A dominant tenement is a real estate parcel which benefits from an easement on an adjoining property.

For example, in a situation where the residents of a property access a public road by using a drive which crosses a neighboring property, their property is the dominant tenement, because they are the beneficiaries of the easement which is designed to ensure that their parcel is accessible. People may also use terms like “dominant parcel” and “dominant estate” to refer to dominant tenements.

In land law, easements are permanently attached to pieces of real property and they vary in nature. The land which is obliged to provide the easement is known as the servient tenement, estate, or parcel. Dominant tenements may take advantage of things like utility easements, public access easements, and so forth. Without the easement, the functionality of the dominant tenement might be radically altered, perhaps most markedly in cases where properties do not have a way to access a public road. servient estate n. real property which has an easement or other use imposed upon it in favor of another property (called the "dominant estate"), such as right of way or use for access to an adjoining property or utility lines. The property giving usage is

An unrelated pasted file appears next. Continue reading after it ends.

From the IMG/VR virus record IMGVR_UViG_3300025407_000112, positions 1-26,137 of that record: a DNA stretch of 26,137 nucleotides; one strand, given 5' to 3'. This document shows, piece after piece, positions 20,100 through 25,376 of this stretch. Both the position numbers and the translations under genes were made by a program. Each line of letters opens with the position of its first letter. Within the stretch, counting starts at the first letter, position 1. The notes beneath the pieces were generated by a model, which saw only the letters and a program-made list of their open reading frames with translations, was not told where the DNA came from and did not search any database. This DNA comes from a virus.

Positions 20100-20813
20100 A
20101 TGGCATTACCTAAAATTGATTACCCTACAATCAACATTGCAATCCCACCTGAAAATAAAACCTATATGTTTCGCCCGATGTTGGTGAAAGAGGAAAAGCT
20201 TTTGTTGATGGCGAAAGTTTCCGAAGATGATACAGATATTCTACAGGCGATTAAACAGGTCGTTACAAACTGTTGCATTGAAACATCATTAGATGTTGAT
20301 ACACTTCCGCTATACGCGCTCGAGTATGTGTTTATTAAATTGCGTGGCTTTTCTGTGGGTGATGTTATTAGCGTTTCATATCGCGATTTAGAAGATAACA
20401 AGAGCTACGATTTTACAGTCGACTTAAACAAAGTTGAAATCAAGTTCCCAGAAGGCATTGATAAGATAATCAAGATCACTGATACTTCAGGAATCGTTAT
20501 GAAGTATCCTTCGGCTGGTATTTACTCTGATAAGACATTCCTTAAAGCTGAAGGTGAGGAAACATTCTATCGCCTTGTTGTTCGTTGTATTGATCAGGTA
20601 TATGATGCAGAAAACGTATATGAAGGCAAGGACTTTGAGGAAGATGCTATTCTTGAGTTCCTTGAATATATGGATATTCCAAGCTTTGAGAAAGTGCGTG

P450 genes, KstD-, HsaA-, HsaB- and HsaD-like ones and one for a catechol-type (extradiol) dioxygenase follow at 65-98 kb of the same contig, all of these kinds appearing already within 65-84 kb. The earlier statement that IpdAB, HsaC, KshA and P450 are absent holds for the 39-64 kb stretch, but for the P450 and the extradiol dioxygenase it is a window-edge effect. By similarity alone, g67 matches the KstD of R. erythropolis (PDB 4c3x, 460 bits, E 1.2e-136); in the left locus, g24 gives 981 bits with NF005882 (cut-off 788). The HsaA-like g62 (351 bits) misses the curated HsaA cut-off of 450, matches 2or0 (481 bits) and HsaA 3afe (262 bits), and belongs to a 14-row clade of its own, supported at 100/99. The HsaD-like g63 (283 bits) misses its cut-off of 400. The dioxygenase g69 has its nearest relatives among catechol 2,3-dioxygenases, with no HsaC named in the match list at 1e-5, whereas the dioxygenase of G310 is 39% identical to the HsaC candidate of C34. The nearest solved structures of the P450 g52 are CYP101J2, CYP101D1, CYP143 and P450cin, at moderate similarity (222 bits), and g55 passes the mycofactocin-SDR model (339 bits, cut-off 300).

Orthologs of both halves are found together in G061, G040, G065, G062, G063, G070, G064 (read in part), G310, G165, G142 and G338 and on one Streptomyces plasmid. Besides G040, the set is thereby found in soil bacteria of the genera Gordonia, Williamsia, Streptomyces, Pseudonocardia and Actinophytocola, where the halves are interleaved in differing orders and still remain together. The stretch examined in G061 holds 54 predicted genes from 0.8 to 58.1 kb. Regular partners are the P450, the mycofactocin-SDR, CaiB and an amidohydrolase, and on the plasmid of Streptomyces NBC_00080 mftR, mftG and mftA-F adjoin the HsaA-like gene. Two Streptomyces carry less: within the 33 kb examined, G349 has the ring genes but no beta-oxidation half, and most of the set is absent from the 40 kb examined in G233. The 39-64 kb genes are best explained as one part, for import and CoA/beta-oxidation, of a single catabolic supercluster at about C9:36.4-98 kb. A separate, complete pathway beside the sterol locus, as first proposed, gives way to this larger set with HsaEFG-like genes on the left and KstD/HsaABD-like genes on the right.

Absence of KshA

the servient estate, and the property holding usage of the easement is the dominant estate.

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